Description - A Companion to Digital Literary Studies by Ray Siemens
This Companion offers an extensive examination of how new technologies are changing the nature of literary studies, from scholarly editing and literary criticism, to interactive fiction and immersive environments. A complete overview exploring the application of computing in literary studies Includes the seminal writings from the field Focuses on methods and perspectives, new genres, formatting issues, and best practices for digital preservation Explores the new genres of hypertext literature, installations, gaming, and web blogs The Appendix serves as an annotated bibliography
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(251mm x 185mm x 52mm)
Wiley-Blackwell (an imprint of John Wiley & Sons Ltd)
Publisher: John Wiley and Sons Ltd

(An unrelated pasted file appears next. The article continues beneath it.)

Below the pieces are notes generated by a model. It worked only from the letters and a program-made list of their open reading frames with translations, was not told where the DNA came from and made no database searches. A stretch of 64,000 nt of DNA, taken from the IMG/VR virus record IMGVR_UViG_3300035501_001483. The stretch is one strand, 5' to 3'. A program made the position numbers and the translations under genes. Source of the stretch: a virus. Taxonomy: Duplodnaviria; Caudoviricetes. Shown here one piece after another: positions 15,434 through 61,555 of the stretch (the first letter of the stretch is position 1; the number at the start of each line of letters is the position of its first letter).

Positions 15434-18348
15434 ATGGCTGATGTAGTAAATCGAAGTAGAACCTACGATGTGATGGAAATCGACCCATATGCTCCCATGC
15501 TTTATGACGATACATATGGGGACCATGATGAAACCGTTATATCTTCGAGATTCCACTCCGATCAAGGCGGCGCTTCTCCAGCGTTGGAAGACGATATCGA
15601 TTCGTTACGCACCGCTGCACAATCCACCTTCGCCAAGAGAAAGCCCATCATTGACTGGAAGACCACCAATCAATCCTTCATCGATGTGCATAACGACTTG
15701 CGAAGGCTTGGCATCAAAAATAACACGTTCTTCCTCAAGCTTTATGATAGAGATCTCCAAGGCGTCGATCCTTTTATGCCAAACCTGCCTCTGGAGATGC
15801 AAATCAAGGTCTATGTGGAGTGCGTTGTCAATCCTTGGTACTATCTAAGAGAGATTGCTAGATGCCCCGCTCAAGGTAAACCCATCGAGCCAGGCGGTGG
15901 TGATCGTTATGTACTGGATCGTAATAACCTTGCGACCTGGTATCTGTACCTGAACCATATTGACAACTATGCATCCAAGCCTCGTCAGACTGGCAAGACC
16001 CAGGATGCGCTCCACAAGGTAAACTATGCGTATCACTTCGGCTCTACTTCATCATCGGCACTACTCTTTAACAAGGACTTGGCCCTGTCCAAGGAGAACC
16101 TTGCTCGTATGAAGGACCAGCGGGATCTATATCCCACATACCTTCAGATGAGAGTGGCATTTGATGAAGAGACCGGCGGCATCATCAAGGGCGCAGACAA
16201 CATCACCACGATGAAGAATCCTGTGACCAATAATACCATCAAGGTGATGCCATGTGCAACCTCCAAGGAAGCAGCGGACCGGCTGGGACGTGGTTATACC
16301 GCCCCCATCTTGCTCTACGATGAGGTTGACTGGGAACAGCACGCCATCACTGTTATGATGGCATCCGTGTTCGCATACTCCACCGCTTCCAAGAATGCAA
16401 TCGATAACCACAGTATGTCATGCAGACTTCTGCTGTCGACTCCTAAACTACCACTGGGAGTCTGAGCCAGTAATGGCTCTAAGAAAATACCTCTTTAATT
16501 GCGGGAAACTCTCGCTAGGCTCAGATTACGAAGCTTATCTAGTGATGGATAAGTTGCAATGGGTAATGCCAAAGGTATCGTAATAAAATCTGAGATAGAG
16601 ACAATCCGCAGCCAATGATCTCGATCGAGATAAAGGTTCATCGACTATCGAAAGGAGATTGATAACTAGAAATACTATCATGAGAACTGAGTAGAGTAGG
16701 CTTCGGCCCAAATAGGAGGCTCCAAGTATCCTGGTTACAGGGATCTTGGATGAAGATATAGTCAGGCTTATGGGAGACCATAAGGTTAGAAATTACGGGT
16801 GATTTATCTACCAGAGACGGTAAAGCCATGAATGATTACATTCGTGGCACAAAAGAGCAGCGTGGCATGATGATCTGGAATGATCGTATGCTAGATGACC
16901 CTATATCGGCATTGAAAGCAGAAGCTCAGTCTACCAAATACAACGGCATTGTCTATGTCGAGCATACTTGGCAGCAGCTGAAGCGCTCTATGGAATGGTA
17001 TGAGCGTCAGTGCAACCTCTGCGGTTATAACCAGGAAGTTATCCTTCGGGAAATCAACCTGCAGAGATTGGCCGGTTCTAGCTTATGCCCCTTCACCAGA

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Author Biography - Ray Siemens
Ray Siemens is Canada Research Chair in Humanities Computing and Professor of English at the University of Victoria; President of the Society for Digital Humanities; and Visiting Senior Research Fellow at the Centre for Computing in the Humanities at King's College London, and Visiting Research Professor at Sheffield Hallam University. Director of the Digital Humanities Summer Institute and founding editor of the electronic scholarly journal Early Modern Literary Studies , Siemens has authored numerous articles on the interconnection between literary studies and computational methods. Susan Schreibman is Assistant Dean and Head of Digital Collections and Research, University of Maryland Libraries, University of Maryland College Park, and Affiliate Faculty in the Department of English. She is the founding editor of The Thomas MacGreevy Archive and Irish Resources in the Humanities; has served on the Council of the TEI Consortium; and is currently on the Executive of the Association for Computers in the Humanities. In 1991, Schreibman authored the Collected Poems of Thomas MacGreevy: An Annotated Edition and has published in the areas of Irish poetic modernism, digital editing and textual studies. She co-edited Blackwell's A Companion to Digital Humanities with Ray Siemens and John Unsworth in 2004.